Say goodbye to SIM cards – the rise of eSIMs

Report Overview

Say goodbye to SIM cards – the rise of eSIMs

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Say goodbye to SIM cards – the rise of eSIMs
The conventional SIM card has been integral for device connectivity for almost three decades.
The arrival of eSIMs will remove space constraints greatly benefiting IoT devices and wearables.
Although eSIMs can be seen as a threat to telcos - as they enable a more efficient churn process - we believe the benefits of eSIMs outweigh the risks.
The conventional SIM card has been in use since 1991, enabling connectivity to billions of mobile devices around the world. Over the years it has seen a reduction in its size even as its main purpose remains the same – essentially providing an ID to the device for the network to keep track of during connectivity. However, as devices become more powerful and feature packed, internal space has become a major constraint. New device types such as wearables also have a different set of requirements from mobile devices, namely they must be small and lightweight.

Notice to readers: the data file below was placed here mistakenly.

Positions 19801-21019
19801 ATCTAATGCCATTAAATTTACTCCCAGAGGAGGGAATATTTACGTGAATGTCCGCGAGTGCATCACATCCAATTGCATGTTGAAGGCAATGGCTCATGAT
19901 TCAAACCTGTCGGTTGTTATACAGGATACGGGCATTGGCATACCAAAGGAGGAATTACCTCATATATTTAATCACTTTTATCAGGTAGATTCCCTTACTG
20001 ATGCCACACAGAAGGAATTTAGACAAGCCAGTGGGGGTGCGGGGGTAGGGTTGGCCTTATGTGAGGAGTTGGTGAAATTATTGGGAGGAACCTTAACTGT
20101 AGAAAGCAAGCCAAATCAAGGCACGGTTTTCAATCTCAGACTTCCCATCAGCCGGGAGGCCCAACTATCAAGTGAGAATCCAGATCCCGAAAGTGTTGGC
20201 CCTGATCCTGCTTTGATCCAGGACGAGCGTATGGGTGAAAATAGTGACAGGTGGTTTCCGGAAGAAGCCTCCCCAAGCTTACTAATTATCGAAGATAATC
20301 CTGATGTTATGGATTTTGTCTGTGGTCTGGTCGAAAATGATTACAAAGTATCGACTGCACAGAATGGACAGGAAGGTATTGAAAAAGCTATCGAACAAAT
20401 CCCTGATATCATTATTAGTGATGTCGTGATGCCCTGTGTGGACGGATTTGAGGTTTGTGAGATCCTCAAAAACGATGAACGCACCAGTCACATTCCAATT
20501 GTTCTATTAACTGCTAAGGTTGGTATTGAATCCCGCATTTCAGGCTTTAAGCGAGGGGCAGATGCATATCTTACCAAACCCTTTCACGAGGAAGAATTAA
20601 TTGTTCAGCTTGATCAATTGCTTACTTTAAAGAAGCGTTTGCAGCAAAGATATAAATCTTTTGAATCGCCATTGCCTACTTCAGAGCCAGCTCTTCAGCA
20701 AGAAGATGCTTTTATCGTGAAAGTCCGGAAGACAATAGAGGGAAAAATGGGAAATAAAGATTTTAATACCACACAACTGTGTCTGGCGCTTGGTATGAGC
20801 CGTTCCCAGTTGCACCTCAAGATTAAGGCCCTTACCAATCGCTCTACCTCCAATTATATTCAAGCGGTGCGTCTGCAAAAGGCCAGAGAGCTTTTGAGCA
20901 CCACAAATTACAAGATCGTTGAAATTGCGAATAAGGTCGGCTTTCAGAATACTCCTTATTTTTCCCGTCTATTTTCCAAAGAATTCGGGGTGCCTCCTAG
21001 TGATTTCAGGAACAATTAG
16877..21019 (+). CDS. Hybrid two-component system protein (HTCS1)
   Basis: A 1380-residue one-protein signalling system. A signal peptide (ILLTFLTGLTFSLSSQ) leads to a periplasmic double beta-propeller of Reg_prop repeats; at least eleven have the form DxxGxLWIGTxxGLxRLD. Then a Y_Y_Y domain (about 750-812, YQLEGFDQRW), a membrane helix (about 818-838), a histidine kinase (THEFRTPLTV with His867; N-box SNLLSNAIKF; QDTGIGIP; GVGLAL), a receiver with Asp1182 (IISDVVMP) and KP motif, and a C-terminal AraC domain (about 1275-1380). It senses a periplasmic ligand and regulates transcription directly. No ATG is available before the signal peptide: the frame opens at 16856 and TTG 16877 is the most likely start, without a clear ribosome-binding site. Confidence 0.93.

Contents

Key takeaways

SIM cards getting the embedded treatment

  • The eSIMs market
  • Current devices with eSIM support
  • Telstra offering eSIM support for Windows 10 support

Consumers and device manufactures are the winners

  • Power to the consumers
  • More options for device manufacturers

Double edged sword for telcos

  • Threats
  • Opportunities
  • Impacts and changes for business models

eSIMs – the future of connected mobile devices

List of charts/tables

Figure 1. Conventional SIM activation

Figure 2. eSIM activation

Figure 3. Switching between providers using eSIMs

Figure 4. Industry stakeholders that support eSIMs